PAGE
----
Two teams with proven offenses and questionable defenses will square off in Corvallis, Oregon when Arizona State takes a trip up to Oregon State. In Tempe last season, Arizona State's defense stepped up in a fairly easy 30-17 victory over the Beavers. But Mike Riley's offense is too good to not improve this year against the Sun Devils. Whether their defense will step up is the question. Here are three players to look out for.
Offense: Sean Mannion (6-foot-5, 220 pounds)
If you could take Mike Riley's brain and make it create the perfect quarterback to run his system, it would be Sean Mannion. Headed into his senior year, he already owns 11 Beaver passing records and is on the verge of setting the rest of them. He threw a staggering 603 passes in 2013, nearly doubling his attempts numbers from 2012. He completed a jaw-dropping 400 of them, 37 going for touchdowns as he threw for 4,662 yards on the year.
After losing a crushing game to Eastern Washington 49-46, Mannion caught fire, leading the Beavers to a six-game winning streak. But the danger of throwing the ball 603 times is that it allows for more interceptions, and boy, did Mannion throw a lot of those. In three years as the starter for Oregon State, he's thrown for 68 touchdowns compared to 46 interceptions. That's a lot of touchdowns but an especially high amount of picks. Last year against the Sun Devils, Mannion went 31-46 in throwing for 320 yards and two touchdowns, but he also was picked off by the Sun Devil secondary four times.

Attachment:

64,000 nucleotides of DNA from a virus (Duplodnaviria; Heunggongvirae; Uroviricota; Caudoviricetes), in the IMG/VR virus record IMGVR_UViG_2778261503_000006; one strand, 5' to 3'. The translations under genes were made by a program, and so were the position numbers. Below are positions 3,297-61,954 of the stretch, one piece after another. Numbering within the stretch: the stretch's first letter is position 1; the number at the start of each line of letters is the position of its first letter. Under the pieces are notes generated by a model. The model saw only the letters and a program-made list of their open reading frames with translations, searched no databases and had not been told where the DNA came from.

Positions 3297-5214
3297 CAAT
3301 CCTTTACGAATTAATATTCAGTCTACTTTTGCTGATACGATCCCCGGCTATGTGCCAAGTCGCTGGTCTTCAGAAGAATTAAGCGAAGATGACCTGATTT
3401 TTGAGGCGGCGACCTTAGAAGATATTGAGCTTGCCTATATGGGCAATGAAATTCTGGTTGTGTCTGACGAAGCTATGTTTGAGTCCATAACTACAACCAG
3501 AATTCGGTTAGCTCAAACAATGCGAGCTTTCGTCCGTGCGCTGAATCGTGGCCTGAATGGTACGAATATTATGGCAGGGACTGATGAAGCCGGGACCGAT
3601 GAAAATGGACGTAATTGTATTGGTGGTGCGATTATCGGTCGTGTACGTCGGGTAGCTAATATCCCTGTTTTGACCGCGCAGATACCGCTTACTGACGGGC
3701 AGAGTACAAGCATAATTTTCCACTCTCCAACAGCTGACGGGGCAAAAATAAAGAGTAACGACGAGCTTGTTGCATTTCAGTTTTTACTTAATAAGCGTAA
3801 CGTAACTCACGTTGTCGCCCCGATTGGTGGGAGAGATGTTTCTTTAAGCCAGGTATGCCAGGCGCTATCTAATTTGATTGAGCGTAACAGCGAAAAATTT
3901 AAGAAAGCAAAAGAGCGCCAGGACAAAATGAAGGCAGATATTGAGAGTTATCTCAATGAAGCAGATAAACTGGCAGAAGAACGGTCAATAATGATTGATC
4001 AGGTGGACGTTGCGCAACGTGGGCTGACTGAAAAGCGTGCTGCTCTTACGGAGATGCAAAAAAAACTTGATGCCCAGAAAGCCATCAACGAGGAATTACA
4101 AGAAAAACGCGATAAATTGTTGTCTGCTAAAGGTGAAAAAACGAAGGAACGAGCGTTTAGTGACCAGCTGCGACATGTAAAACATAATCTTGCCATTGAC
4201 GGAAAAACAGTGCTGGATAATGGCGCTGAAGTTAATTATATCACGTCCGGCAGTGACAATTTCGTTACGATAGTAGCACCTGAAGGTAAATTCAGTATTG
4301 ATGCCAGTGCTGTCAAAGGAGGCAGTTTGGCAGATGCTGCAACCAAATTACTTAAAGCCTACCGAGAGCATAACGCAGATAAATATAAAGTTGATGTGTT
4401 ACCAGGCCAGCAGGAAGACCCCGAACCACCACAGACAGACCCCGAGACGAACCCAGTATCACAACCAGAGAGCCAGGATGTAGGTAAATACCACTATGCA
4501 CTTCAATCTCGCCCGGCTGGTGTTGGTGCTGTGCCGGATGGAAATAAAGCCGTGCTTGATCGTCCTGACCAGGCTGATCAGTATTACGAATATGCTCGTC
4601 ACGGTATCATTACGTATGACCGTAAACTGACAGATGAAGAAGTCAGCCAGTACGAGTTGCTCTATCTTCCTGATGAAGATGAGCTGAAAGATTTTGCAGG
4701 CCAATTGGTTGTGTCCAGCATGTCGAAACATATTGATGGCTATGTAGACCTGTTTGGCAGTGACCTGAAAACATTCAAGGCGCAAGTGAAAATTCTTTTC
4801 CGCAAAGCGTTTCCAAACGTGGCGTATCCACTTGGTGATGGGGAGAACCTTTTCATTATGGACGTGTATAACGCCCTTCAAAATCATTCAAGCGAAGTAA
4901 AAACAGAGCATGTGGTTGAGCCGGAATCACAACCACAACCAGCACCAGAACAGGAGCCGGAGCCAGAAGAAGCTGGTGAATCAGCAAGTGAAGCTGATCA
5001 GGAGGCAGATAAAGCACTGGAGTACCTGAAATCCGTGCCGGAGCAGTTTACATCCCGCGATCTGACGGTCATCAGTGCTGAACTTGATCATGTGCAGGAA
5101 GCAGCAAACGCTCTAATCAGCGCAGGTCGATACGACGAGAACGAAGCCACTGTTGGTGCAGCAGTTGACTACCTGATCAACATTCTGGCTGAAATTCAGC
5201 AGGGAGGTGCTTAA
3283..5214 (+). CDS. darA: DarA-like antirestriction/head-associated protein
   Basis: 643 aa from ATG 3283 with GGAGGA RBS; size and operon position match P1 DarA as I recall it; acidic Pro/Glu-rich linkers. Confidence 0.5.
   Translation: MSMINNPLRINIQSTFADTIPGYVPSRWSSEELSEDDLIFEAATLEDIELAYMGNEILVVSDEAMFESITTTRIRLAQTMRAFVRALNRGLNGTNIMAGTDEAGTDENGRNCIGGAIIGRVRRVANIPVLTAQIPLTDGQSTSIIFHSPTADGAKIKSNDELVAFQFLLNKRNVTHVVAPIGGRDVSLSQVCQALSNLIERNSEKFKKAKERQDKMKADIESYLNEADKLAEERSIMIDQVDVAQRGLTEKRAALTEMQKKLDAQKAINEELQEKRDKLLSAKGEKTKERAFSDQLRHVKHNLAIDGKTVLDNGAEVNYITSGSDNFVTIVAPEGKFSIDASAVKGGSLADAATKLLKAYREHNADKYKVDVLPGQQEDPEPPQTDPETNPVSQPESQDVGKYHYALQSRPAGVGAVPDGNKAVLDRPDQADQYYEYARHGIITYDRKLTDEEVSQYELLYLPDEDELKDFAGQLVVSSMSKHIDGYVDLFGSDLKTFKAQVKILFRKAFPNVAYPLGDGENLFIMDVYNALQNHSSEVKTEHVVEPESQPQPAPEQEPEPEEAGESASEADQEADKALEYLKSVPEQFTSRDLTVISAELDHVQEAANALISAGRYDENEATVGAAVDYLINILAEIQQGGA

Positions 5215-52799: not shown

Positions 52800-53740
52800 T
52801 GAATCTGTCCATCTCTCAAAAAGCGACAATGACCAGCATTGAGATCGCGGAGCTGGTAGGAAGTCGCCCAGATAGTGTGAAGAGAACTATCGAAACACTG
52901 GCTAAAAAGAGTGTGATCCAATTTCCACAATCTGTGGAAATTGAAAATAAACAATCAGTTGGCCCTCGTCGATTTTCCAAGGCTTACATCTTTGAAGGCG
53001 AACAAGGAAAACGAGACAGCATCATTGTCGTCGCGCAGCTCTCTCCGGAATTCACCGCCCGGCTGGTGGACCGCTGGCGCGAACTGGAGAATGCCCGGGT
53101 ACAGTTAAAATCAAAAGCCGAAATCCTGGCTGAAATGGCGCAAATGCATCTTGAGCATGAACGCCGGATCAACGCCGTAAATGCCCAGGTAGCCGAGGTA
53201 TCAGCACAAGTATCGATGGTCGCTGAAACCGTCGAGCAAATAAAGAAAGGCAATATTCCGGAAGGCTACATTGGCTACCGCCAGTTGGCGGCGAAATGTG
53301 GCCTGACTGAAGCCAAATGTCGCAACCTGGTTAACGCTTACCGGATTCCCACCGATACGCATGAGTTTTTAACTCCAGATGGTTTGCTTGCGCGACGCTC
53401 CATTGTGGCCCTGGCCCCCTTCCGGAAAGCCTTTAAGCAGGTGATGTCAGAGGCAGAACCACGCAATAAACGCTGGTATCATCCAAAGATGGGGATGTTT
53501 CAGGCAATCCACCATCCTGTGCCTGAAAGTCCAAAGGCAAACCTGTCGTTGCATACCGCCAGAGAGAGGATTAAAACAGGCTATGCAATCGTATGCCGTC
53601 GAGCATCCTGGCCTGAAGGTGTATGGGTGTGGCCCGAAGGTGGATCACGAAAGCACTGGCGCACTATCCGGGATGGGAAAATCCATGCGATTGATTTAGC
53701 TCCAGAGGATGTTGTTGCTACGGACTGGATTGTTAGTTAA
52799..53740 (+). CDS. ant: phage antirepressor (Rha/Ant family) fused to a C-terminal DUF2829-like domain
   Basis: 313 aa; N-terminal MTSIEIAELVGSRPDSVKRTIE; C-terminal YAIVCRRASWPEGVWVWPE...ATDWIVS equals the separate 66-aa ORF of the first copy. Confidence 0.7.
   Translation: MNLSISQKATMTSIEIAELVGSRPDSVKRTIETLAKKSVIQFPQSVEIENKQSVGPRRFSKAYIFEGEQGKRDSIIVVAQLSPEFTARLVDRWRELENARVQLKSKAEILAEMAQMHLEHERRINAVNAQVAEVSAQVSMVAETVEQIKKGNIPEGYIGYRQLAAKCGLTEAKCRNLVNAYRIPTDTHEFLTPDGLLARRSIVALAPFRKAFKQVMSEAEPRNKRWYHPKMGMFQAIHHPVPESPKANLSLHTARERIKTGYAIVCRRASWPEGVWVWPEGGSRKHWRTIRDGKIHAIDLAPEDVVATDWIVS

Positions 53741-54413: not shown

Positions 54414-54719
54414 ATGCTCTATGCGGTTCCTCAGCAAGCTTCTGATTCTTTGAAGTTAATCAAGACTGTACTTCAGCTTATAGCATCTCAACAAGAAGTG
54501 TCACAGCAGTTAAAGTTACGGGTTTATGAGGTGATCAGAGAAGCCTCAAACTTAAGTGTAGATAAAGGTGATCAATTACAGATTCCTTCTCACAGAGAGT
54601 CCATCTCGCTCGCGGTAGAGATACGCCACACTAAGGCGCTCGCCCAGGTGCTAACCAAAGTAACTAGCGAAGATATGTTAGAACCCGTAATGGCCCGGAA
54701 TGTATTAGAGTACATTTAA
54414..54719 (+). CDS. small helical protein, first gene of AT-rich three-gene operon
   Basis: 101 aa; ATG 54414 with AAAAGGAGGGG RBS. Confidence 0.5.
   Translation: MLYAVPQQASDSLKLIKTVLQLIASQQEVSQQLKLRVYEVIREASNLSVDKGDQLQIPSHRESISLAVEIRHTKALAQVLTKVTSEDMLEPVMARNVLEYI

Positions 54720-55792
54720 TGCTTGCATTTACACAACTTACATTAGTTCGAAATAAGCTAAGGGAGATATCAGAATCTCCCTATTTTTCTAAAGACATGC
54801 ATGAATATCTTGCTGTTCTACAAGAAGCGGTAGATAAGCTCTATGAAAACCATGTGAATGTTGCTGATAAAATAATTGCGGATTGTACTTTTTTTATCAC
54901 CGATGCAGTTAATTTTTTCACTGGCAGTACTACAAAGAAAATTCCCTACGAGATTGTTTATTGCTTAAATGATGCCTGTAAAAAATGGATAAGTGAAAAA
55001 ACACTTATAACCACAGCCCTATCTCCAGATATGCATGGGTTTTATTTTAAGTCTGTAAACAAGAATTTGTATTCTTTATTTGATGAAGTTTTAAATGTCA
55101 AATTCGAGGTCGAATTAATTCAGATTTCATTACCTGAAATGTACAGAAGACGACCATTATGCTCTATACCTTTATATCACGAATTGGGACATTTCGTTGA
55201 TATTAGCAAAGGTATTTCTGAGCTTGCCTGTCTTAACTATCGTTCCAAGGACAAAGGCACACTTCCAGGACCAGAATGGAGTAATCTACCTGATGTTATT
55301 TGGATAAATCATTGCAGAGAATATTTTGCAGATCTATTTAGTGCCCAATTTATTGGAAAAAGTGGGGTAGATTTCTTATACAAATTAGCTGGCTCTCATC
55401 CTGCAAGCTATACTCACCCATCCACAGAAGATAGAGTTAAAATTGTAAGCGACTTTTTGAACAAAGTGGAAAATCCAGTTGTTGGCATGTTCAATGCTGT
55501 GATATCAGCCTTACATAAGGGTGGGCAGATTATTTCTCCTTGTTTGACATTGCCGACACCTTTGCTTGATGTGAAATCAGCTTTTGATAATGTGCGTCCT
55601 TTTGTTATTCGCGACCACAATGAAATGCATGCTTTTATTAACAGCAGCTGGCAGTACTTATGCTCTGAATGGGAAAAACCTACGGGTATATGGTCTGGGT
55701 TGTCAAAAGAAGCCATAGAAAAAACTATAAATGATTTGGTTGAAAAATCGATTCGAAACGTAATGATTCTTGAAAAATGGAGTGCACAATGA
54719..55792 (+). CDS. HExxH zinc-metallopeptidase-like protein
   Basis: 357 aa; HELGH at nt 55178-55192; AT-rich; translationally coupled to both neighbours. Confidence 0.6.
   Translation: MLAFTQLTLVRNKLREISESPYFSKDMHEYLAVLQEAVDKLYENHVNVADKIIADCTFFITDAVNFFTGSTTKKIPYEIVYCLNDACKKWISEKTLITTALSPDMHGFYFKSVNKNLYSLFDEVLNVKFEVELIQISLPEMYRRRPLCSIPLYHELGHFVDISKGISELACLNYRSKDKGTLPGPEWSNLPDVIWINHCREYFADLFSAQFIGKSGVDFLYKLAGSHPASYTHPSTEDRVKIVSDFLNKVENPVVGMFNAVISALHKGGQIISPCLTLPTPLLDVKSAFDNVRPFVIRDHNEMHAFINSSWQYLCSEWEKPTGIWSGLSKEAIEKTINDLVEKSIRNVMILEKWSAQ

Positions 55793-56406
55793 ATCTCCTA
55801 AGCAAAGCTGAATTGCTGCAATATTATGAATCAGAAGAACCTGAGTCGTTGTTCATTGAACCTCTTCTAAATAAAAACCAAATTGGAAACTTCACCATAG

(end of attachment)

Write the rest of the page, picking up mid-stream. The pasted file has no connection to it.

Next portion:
Mannion puts up big numbers, and against weak defenses will torch your secondary, but he makes a lot of mental mistakes. Add that to the fact that All-American and Biletnikoff Award winner Brandin Cooks bolted for the professional ranks and Mannion looks more vulnerable.
Defense: Steven Nelson (5-foot-11, 195 pounds)
Nelson transferred to Oregon State in December of 2012 from a junior college, and caught fire in his first season in Corvallis. He started nine games and led Beaver cornerbacks with 62 tackles and eight pass breakups. He also intercepted six passes on the year, including a game-winning pick-six interception return against San Diego State.
In junior college Nelson contributed on special teams as well as defense, but has yet to bring his versatility and speed to punt and kick returns at Oregon State, but he could this season. Named to the Bronko Nagurski Award (national defensive player of the year) watch list, Nelson is a former track star who is dangerous with or without the ball in his hands.
Offense: Richard Mullaney (6-foot-3, 199 pounds)
Mullaney was the other, non-Bradin Cooks, starting wide receiver for Oregon State last year, but still managed to put up solid numbers in Cooks' shadow. He hauled in 58 balls for 733 yards and three touchdowns in 2013, and will be looked to in 2014 to step up in Cooks' absence.
If you haven't seen much of Mullaney, he's a legitimate talent as the featured wide receiver. His ball skills and hand-eye coordination aid him greatly in catching jump balls (his 6-foot-3 frame also helps) and he excelled in making last-second adjustments to catches. I watched film on him and he made a catch coming across the field where the ball was thrown behind him. He just reached back, completely disregarding his own momentum and contorting himself to make a catch that requires much more athleticism than one would guess. Mullaney isn't the pure talent that Cooks was, but his height and ability to adjust at the last second make him a threat to opposing defenses.